Swaps data: third-quarter clearing volumes increase across all asset classes

Dollar and euro rates clearing surges 60% year on year, but little shift in CCP market share

The third quarter of 2019 has delivered growth in cleared over-the-counter derivatives volumes across all asset classes. Interest rate swaps in dollars and euros were the standout performers, with cleared volume jumping 60% compared with the same quarter a year earlier. Credit default swaps followed in a distant second place, with cleared volume for dollar-denominated instruments up by a third. 

There’s also an encouraging trend in foreign exchange options clearing, adding to growth seen during second quarter. Forex options are now on track to become the first OTC options product to clear in material amounts relative to the bilateral market. 

There are multiple drivers at play. Volumes in rates products remained elevated during the quarter, continuing a trend seen the previous quarter when activity jumped on rate cut signals from the Federal Reserve. 

From the start of September, phase four implementation of initial margin rules brought a number of buy-side firms into scope for posting regulatory margin against their non-cleared exposures. It’s a trend that could gain further traction in a year’s time, when phase five brings hundreds more buy-side firms into scope for IM, making clearing a cost-effective alternative to bilateral markets for more participants.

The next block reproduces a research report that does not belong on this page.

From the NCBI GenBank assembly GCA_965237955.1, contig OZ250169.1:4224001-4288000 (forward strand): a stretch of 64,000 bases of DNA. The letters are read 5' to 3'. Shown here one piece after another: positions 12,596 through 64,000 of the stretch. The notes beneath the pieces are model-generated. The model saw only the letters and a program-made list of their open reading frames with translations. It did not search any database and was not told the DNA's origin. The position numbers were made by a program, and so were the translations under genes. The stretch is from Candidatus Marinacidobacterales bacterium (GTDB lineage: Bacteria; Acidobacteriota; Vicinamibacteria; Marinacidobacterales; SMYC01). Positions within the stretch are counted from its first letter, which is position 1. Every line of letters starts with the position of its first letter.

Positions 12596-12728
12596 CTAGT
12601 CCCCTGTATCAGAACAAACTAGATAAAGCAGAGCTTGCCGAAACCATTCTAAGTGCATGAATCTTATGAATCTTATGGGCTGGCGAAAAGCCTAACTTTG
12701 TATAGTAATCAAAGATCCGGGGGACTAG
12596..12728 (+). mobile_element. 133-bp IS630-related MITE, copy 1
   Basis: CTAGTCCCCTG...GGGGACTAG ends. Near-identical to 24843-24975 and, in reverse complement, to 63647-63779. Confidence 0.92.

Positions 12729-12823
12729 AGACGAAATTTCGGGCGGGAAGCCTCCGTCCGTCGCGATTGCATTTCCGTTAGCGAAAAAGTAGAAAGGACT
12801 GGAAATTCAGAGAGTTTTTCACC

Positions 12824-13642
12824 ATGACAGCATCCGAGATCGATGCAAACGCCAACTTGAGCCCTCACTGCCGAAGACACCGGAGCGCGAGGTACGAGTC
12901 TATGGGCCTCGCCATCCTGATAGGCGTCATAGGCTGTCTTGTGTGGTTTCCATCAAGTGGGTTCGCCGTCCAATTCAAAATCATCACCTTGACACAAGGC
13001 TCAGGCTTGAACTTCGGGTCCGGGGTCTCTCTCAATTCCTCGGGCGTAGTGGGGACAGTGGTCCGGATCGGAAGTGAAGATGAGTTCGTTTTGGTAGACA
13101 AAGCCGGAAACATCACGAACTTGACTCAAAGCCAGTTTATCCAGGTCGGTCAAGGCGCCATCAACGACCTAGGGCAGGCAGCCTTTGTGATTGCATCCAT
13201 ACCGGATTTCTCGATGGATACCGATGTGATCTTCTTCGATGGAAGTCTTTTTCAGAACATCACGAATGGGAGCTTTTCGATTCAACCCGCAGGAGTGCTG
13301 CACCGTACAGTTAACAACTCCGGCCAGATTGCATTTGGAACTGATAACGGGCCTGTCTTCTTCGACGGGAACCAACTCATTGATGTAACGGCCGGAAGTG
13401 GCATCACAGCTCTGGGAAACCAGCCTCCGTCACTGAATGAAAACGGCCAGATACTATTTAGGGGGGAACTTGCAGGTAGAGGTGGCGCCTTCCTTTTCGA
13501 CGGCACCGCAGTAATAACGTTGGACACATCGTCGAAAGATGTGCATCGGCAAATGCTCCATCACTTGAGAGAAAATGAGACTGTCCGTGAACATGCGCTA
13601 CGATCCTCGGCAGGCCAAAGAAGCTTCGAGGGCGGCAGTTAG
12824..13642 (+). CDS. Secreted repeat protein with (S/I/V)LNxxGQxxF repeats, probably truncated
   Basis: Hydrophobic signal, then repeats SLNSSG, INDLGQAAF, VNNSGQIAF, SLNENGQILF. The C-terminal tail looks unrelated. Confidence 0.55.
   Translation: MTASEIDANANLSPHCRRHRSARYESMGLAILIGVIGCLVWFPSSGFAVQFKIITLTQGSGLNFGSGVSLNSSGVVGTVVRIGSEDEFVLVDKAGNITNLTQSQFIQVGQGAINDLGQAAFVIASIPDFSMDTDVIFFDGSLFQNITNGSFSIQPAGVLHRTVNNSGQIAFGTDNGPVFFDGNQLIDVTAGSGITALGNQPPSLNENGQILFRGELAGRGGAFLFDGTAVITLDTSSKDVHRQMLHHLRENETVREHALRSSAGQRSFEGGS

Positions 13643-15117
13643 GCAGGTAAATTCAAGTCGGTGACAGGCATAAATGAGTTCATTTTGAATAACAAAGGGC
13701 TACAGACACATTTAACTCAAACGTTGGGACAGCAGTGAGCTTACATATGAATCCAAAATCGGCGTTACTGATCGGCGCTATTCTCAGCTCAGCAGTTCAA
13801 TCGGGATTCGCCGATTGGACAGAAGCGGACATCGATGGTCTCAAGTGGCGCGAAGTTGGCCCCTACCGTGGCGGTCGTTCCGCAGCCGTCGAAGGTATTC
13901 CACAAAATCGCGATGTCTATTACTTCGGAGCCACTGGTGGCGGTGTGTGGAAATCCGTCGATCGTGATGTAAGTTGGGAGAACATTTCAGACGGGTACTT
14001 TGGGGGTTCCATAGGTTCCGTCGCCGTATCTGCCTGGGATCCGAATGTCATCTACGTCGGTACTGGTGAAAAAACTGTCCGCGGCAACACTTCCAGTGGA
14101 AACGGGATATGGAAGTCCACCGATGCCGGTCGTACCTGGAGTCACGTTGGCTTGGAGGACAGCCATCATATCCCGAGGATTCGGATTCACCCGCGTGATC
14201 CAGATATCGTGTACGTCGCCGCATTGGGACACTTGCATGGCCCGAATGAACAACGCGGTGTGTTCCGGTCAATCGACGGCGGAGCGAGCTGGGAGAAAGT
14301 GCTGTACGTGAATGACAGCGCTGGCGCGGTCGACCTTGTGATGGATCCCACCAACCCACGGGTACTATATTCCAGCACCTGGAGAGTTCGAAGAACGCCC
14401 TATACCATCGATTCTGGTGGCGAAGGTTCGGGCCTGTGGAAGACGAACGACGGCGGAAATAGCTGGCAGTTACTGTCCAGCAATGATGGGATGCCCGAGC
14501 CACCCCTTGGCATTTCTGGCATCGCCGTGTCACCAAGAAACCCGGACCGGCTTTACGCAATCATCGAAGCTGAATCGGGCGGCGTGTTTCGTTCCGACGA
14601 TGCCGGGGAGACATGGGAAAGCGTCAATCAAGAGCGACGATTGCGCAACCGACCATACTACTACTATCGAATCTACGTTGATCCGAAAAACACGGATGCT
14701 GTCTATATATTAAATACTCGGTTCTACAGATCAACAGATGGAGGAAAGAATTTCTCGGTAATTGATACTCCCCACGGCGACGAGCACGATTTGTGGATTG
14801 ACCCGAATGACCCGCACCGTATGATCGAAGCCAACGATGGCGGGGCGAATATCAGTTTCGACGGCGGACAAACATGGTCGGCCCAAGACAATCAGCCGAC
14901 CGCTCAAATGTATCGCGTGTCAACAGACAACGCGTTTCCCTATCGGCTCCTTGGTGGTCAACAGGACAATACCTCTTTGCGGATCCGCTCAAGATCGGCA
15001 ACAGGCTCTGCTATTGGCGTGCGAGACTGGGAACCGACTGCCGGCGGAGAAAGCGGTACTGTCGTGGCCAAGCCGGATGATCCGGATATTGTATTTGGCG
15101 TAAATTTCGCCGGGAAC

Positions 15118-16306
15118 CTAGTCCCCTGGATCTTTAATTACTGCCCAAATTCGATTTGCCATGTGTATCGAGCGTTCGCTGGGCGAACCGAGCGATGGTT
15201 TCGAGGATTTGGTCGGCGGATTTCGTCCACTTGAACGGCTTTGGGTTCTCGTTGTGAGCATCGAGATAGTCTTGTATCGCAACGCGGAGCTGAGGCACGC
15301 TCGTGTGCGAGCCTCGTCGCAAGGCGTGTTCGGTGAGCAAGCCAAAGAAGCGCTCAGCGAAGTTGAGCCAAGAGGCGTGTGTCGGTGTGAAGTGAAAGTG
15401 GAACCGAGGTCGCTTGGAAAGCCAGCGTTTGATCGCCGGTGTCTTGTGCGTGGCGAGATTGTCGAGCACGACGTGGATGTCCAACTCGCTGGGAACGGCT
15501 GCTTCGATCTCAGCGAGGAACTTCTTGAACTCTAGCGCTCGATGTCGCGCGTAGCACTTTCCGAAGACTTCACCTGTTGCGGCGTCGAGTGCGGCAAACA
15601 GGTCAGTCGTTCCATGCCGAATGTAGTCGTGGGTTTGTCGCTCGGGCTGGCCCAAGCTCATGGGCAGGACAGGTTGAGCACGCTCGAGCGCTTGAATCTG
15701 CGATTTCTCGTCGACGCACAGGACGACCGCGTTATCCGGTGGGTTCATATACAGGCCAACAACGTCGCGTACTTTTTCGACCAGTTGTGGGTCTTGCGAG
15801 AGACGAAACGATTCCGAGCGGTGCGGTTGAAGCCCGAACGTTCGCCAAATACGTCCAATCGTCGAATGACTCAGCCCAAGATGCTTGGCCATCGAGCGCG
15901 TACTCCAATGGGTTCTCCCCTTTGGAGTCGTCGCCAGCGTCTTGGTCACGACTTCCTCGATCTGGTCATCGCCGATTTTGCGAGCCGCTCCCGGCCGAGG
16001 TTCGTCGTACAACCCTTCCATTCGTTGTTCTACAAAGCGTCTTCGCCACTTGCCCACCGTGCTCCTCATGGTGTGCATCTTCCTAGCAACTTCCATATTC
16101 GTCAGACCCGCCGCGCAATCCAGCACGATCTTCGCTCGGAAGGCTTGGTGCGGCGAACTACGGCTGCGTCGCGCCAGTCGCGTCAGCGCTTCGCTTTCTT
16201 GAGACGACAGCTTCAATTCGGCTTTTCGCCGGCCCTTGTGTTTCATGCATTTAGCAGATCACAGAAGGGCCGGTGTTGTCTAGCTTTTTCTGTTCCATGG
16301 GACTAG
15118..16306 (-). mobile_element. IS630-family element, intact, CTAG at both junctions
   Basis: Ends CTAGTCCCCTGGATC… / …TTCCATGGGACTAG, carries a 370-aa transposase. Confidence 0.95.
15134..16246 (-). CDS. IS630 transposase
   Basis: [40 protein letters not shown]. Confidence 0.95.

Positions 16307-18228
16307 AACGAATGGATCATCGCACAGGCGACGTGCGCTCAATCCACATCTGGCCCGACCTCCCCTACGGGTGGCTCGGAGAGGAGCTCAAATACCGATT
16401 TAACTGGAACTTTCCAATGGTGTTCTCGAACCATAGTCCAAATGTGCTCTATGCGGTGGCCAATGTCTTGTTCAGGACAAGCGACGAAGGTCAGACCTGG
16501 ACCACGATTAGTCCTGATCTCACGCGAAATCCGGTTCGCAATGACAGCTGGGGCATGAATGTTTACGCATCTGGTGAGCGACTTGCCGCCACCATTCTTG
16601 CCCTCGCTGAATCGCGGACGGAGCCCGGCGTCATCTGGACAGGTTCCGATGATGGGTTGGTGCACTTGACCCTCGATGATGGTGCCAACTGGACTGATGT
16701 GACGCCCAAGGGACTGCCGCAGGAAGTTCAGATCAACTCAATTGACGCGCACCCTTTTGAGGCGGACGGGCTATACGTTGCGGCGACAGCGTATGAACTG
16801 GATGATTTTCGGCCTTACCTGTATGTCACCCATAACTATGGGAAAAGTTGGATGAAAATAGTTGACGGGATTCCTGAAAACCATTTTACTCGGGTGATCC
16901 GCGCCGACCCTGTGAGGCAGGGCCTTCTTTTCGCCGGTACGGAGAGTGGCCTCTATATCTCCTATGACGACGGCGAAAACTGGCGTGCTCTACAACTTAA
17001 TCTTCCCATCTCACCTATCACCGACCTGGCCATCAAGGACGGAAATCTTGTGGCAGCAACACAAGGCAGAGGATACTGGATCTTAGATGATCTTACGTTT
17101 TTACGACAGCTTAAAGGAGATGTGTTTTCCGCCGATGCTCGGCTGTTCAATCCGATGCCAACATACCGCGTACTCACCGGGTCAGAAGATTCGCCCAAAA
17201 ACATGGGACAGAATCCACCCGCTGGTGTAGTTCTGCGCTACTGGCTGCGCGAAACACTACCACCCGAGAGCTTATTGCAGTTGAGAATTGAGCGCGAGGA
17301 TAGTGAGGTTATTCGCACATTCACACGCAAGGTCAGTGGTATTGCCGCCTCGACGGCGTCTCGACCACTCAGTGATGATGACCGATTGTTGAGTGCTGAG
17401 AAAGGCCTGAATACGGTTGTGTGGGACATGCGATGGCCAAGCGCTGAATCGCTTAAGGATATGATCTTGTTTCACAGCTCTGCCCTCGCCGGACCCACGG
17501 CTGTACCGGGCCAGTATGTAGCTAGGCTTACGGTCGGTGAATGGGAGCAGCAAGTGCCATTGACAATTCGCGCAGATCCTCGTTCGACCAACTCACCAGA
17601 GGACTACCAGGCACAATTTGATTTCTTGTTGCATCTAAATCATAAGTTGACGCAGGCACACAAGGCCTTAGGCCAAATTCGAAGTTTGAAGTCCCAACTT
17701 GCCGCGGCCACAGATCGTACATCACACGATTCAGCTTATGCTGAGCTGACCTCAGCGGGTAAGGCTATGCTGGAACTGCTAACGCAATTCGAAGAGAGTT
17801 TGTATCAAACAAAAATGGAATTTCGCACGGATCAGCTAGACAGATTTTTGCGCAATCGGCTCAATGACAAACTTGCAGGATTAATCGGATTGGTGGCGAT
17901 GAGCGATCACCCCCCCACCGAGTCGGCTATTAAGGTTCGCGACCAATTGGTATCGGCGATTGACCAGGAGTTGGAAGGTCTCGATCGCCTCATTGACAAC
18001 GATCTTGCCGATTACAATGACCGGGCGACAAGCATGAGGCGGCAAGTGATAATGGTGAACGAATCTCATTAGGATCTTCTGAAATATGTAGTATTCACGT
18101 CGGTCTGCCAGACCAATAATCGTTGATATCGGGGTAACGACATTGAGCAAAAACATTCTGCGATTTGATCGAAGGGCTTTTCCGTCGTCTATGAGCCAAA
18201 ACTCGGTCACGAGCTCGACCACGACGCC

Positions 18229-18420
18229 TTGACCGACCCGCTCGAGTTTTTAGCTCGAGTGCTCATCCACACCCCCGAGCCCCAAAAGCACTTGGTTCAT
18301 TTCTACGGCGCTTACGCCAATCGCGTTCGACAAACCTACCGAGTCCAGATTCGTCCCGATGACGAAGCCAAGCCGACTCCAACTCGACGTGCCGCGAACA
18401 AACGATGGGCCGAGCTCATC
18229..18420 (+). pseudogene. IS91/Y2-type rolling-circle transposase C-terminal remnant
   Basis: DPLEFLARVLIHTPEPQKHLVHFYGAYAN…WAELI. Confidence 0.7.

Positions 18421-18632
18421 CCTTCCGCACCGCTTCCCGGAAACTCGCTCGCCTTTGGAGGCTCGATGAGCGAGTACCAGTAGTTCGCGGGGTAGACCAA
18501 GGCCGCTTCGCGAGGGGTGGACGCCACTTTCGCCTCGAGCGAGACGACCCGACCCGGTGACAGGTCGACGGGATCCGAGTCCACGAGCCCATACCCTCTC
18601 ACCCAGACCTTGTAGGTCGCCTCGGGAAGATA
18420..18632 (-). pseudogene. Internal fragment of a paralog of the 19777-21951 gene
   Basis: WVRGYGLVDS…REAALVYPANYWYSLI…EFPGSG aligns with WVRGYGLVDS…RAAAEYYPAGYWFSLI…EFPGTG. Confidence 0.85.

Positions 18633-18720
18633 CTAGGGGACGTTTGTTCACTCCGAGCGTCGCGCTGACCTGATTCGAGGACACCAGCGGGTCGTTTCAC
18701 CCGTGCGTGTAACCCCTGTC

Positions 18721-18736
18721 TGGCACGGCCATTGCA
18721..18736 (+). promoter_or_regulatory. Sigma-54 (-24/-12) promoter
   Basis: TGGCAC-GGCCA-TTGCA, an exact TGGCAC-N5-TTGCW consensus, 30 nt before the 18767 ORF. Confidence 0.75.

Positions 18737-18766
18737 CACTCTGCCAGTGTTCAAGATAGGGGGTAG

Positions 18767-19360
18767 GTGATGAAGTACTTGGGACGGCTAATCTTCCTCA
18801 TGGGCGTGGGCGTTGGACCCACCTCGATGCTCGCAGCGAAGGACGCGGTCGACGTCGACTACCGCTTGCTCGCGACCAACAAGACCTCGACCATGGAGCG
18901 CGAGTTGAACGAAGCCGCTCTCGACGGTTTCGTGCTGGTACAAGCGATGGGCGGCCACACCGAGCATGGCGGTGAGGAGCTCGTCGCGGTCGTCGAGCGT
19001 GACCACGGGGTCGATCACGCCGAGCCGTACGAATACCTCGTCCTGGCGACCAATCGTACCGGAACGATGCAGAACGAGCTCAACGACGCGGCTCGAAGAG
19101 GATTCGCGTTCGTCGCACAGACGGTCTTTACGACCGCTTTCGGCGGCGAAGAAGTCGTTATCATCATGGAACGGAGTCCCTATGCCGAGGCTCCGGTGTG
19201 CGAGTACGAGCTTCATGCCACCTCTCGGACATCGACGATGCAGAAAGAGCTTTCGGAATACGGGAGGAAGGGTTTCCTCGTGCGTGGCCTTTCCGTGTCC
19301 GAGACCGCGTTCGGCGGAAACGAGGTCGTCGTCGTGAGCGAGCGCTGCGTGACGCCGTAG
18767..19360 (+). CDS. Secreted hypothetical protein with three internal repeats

While more contracts are being centrally cleared, there’s little change in market share between central counterparties (CCPs). One exception is JSCC’s share of yen swaps clearing. The Tokyo-based CCP continues to slowly chip away at rival LCH SwapClear, growing its share of the instruments by two percentage points in the third quarter. This adds to a one percentage point gain made in the second quarter and gives the Japanese CCP a slight lead over its London-based competitor. 

There’s no let-up in LCH SwapClear’s dominant share in dollar and euro interest rate swaps. The latter is one to keep an eye on during the fourth quarter, as we expect Eurex Clearing to extend its share of the  market.

Ice maintains its dominance in credit while LCH ForexClear leads in foreign exchange.

Cleared US dollar swaps

Let’s start with the largest product; cleared US dollar interest rate swaps. We include all clearable types – vanilla fixed versus float, overnight index, basis, zero coupon and variable notional – using single-sided gross notional volumes.


Figure 1 shows:

  • Q3 2019 volumes at $61 trillion are 64% higher than a year earlier but 12% lower than Q2 2019.
  • LCH SwapClear with 92% share in Q3 2019, the same as the prior quarter and CME with 8% share.
  • LCH SwapClear is up $22 billion or 66% from a year earlier.
  • CME is up $1.5 billion or 45% from a year earlier.

The increase in volumes seen in the second quarter, with the Federal Reserve signalling a cut in interest rates, continued to have an effect with elevated US dollar swap volumes in the third quarter.

Cleared euro swaps

Next the second-largest product; cleared euro interest rate swaps, all clearable types.